8 1. The Master Thesis Location 1.1. The University of Luleå The capital of Norrbotten, Luleå was granted its charter in 1621, but was later moved to its present location in 1649 because of the falling seal level (9mm per year), which is due to postglacial uplift of the land. Luleå Luleå is a very pretty town to approach by road. It has a pedestrian thoroughfare throughout the city that is pleasant to stroll along, under the snow. An extensive offshore archipelago contains some 1700 large and small islands, many decorated with classic red and white Swedish summer cottages. Luleå University of Technology is the northernmost university of technology in Scandinavia and boasts top-class research and education Department of Civil, Mining and Environmental Engineering The Department was established on January 1st, 2004, by merging the former Department of Civil and Mining Engineering with the Department of Environmental Engineering. The Department has its roots back to The Department has a staff of about 180 persons working with education and research. About half of them are employed graduates students working for their doctoral degrees Renewable Energy Research Group Bo Nordell is heading LTU's research group on Renewable Energy. The research group Renewable Energy has its history in the field of Water Resources Engineering. Research and education have therefore been directed towards both renewable energy and water, in particular groundwater, evaporation, condensation, hydraulics, climate, energy and heat transfer. Present research involves the following fields: Seasonal snow storage for space cooling during the summer - Coriolis force and its influence on groundwater flows - Groundwater flow in fractures and its influence on borehole systems - Freezing problems in boreholes for heat extraction - Condensation irrigation - one system for desalination and irrigation - Ground heating and cooling in North Africa - Global warming - a CO2 free explanation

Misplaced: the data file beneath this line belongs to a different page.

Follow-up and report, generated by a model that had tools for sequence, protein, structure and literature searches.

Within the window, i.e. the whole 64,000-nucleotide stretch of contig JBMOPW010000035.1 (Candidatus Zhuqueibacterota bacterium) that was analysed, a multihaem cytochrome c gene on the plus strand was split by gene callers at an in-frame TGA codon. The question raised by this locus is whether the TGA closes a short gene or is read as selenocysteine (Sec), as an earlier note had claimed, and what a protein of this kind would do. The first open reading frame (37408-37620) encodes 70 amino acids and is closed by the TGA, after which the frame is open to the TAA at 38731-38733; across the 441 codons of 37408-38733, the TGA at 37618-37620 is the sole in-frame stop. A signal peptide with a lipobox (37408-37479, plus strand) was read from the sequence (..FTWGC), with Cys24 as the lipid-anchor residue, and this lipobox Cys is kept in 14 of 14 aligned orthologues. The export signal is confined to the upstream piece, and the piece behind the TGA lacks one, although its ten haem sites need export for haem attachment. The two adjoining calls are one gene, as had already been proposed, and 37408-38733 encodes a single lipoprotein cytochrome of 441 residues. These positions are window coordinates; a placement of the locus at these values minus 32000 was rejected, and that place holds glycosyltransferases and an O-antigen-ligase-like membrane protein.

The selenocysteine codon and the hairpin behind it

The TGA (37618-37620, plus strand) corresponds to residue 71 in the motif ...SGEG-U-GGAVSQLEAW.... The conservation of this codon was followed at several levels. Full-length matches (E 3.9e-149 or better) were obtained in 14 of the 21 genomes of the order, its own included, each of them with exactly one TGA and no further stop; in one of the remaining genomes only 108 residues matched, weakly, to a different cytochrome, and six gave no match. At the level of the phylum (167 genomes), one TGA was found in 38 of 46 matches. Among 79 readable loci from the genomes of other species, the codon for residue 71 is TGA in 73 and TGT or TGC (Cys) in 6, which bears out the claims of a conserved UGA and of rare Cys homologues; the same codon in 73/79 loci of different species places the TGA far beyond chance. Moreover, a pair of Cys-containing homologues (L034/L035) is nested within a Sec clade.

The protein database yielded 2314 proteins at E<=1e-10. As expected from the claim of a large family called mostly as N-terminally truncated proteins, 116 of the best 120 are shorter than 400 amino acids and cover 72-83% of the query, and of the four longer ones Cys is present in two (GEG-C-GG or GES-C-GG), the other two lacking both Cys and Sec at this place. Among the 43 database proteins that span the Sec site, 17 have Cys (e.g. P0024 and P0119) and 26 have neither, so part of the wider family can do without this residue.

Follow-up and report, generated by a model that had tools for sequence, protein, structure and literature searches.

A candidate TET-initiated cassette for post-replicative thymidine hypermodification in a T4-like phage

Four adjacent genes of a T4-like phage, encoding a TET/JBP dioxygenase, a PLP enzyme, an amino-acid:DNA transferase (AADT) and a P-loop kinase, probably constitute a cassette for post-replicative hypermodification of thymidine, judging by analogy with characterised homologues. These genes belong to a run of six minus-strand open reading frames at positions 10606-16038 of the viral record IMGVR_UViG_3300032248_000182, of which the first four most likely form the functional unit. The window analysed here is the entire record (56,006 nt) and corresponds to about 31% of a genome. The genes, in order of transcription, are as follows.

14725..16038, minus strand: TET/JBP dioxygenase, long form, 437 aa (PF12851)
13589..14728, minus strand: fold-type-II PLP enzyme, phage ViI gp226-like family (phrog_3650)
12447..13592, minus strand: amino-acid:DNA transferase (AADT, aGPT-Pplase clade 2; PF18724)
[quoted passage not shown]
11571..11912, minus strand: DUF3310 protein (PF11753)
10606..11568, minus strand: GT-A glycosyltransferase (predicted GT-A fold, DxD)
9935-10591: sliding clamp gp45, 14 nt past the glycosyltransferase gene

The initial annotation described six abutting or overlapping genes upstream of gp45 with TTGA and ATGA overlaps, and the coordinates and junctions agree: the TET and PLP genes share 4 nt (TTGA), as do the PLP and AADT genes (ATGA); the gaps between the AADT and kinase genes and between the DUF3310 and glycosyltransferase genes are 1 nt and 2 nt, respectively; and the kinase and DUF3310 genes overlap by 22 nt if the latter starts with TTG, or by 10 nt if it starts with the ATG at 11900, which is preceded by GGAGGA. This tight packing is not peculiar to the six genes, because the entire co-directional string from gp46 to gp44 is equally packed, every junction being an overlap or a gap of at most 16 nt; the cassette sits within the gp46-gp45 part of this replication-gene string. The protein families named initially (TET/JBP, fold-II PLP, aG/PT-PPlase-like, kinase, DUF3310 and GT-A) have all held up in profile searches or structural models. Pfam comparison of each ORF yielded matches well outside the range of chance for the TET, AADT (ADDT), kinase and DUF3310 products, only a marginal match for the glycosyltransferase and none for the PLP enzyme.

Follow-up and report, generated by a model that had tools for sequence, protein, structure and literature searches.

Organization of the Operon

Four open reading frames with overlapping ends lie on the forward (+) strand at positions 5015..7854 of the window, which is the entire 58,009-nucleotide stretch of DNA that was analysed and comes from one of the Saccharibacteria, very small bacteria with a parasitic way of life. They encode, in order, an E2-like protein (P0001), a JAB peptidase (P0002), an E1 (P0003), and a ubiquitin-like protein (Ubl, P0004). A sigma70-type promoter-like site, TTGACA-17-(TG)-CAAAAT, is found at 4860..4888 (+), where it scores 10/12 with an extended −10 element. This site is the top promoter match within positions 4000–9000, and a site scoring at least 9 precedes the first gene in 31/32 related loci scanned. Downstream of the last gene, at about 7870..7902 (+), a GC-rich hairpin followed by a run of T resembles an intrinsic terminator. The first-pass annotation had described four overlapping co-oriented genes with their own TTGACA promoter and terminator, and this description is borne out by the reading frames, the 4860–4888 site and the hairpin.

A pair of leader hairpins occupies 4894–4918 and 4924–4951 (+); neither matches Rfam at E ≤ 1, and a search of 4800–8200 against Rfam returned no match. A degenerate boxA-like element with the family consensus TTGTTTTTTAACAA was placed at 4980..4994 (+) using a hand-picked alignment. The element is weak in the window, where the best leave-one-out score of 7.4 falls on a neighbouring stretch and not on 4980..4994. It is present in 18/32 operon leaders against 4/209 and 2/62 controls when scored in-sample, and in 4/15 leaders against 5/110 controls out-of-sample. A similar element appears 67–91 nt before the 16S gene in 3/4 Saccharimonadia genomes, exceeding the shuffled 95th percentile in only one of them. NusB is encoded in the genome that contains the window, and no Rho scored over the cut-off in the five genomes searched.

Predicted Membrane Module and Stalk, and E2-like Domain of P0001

9 2. Global Warming Bo Nordell published a controversial explanation to global warming in 2003 [1]. Since it has not been possible to get external funding for this idea most of the work was carried out during a long time as a "hobby research" with the assistance of helpful and interested students Explanation to global warming Study of the problem since 1880 The global mean temperature can be separated into land area temperature (LAT), sea surface temperature (SST), and a combined global mean temperature (MEAN). MEAN is calculated by area weights corresponding to the global sea area (71%) and land area (29%). In 1880, SST was 15.9 C and LAT was 8.6 C, with a global mean temperature of 13.6 C. Until 1999, SST had increased 0.5 C and the LAT 1.2 C. The corresponding global mean temperature increase was 0.7 C Global Warming Before global warming, Earth s mean temperature was 13.6 C, at which temperature it was in thermal equilibrium. During a global mean day, incoming short-wave radiation (SWR) was heating the ground surface. Later that day, it was cooled off as the same amount of energy was reemitted to space as outgoing long-wave radiation (OLR). The ground surface was then back at its mean temperature at which the OLR was limited only by the geothermal heat flow rate (about 0.07 Wm -2 ) from the interior of the earth [1], due to the difference of temperature between the centre and the surface. Before global warming, the geothermal heat flow was the only net heat source on earth. Since then, heat dissipation from the global use of non-renewable energy has resulted in an additional net heat source. Genchi et al. (2000) showed that heat dissipation from traffic, air conditioning, and other human activities, during a warm day in Tokyo, adds up to a heat production of 140 Wm -2 in Tokyo with a resulting air temperature increase of about 3 C [1]. The increasing utilisation of non-renewable energy sources, mainly fossil fuels and nuclear power, has thus resulted in additional net heating on earth. The utilization of renewable energy, i.e. solar energy in some form, also results in heat dissipation but does not cause any additional heat, insofar as it is used like renewable energy (e.g. biomass). The global annual use of fossil energy including nuclear power (EIA Appendix 1) is about million metric ton oil equivalent (Mtoe). All of this energy will be dissipated into heat, and will not be absorbed again before few millions of years; it means that it is not a renewable energy, and thus it contributes to warm up the planet. The heat of not fully combusted fuel will also be released, when this organic substance is decomposed. Consequently, the net OLR has also increased by Wm -2 since 1880 (from Wm -2 to Wm -2 in1999) [1]. The net OLR is still not as high as generated net heat. In the long term, our use of non-renewable energy will cause a global temperature increase up to a point where the net OLR balances the net heat generation